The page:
Archiver > PACAMBRI > 2012-03 > 1331783847

From: marilyn <>
Subject: Re: [PACAMBRI] civil war pension records
Date: Wed, 14 Mar 2012 23:57:27 -0400 (EDT)
References: <>
In-Reply-To: <>

No, Pension Files come from the National Archives. There used to be forms you had to fill out, but I don't know now. From what I heard, you should be specific in requesting EVERY BIT OF PAPER in the file, as they don't always send it all.

I don't know the cost. There are also people you can pay to find the file and copy it for you. Last time I saw that sort of ad, it was $100. You can also got to Washington, DC and do the research yourself. The National Archives are on the Mall, so it is easy to find. Again, the directions and hours should be on the Internet.

There are two parts.
The first one is the service record and you can skip it if you have money problems. It is just the paymaster's record. They checked every two weeks if the soldier was present or absent or hospitalized. They also charged for items like replacement uniforms. No facts or other information. It is good to have, but not necessary. I found out my g-grandfather was hospitalized five times for dysentery.

The pension files are the applications, whether or not your soldier got a pension. This is the portion you must have. Included are forms that the local JP filed out [most soldiers needed help--my g-grandfather couldn't even sign his name.]' There are doctor statements. Statements from people who can testify to his disability, etc. There is information about wives [that is how I found out when and where my g-grandparents married] and families.

If the soldier is dead, either in the war or later, the application is made by the wife for herself or children. My g-grandfather had his pension and after he died, she had to fill out an application. [She couldn't read or write either.]
In addition, there was a number of schools for the Orphans [soldier father dead] and the Blair County Genealogy Library has a book that lists all the schools and the names and addresses of all the children, boys and girls, enrolled. There are various types of schools. St. Vincent College [the prep school] was one of them. There was one in Huntington.
Even if he was refused, the applications forms are there.

The National Archives used to check and see if they had a file and tell you what it would cost and send the equivalent of a bill. You sent in a check or Money Order. That used to take forever. Now I know they take credit cards. Directions should be online.

I got my form back the first time saying they didn't have it.
At a genealogy conference, the speaker told me that they check the application form by elimination, that means they check it item by item and if you write anything incorrect, they toss it. If you are not 100% sure of a fact, even a middle initial, don't put it in. You MUST HAVE the name, branch of the service and regiment information. They also ask thing like dates of birth, enlistment, getting discharged, last address, etc. Also wife's information. If you don't know, use a question mark. Don't guess or put in something you are not sure about. It is a case of less is more.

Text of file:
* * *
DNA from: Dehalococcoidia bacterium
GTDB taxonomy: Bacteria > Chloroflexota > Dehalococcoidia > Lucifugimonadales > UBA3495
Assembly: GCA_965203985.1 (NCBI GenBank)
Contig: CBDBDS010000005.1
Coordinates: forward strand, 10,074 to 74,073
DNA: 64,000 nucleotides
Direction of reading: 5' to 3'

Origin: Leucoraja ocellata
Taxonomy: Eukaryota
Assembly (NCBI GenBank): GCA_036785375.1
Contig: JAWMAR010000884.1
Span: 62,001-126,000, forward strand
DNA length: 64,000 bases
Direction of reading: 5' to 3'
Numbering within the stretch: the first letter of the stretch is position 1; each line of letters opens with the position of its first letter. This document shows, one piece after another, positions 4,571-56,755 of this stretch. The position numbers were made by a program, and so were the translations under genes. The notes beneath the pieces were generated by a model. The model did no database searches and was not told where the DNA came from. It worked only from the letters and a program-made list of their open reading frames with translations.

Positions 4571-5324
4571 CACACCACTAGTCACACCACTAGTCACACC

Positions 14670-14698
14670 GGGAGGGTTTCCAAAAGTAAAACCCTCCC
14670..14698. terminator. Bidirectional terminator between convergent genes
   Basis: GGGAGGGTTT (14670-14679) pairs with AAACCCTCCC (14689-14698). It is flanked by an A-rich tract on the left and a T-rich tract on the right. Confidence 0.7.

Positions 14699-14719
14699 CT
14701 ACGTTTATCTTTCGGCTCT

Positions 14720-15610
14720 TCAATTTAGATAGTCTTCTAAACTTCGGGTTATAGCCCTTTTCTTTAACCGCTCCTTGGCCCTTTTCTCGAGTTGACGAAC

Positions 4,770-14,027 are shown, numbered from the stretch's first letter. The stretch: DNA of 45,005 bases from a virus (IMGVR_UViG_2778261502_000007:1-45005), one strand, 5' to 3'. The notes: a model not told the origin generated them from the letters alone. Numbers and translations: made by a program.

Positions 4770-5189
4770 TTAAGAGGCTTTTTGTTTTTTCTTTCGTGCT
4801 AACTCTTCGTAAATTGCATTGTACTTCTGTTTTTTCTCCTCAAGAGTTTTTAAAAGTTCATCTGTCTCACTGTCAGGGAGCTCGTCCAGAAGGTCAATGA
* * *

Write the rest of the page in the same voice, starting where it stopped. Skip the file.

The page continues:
Remember some men gave the wrong name or age for various reasons. If you know about that, indicate it. Or the name is spelled differently. I found a Yahner relative with his name spelled Yonner. Give the alternate spellings.

If you enter the " PA Archives" and "Civil War," you can see a photocopy of a card that lists his name and other info, including a description. That would be the right name and spelling, etc. for the National Archives File.

Sometimes the soldier enlisted more than once, so there may be more than one Regiment listed. I was told you had to ask for both of the service records.

The PA authority is Bates, History of the PA Volunteers. The original is not indexed [except for officers], but the set was republished in the 1980s or 1990s with an index. This would tell you his Regiment[s]. Bates also gives a short history of the Regiment's history and battles. Most big libraries would have it. The Blair County Genealogy Society has the new set, so you could contact them and have them look in the Index for your soldier. I have been told Bates is on line, but I don't know the URL. I would imagine the Index is there, too.

Marilyn Kline Washington

-----Original Message-----
From: elaine wilkinson <>
To: Message Cambria <>
Sent: Wed, Mar 14, 2012 9:05 pm
Subject: [PACAMBRI] civil war pension records

where can I send for civil war pension records, I would like to get
ll 3. here do you go in Harrisburg?
Roll #T288_283
enjamin Lichty service D 195 PA Inf
idow: Caroline Lichty
inor HC: Charles J. Lichty
ate of filing class application # certificate #
891 Nov 6 invalid 1070595 846928 PA
914 Jan 8 widow 1020128 800373 PA
928 May 3 Minor HC 1613761 a-6-21-28
ttorney T. H. Nicewonger

aroline lived in Altoona

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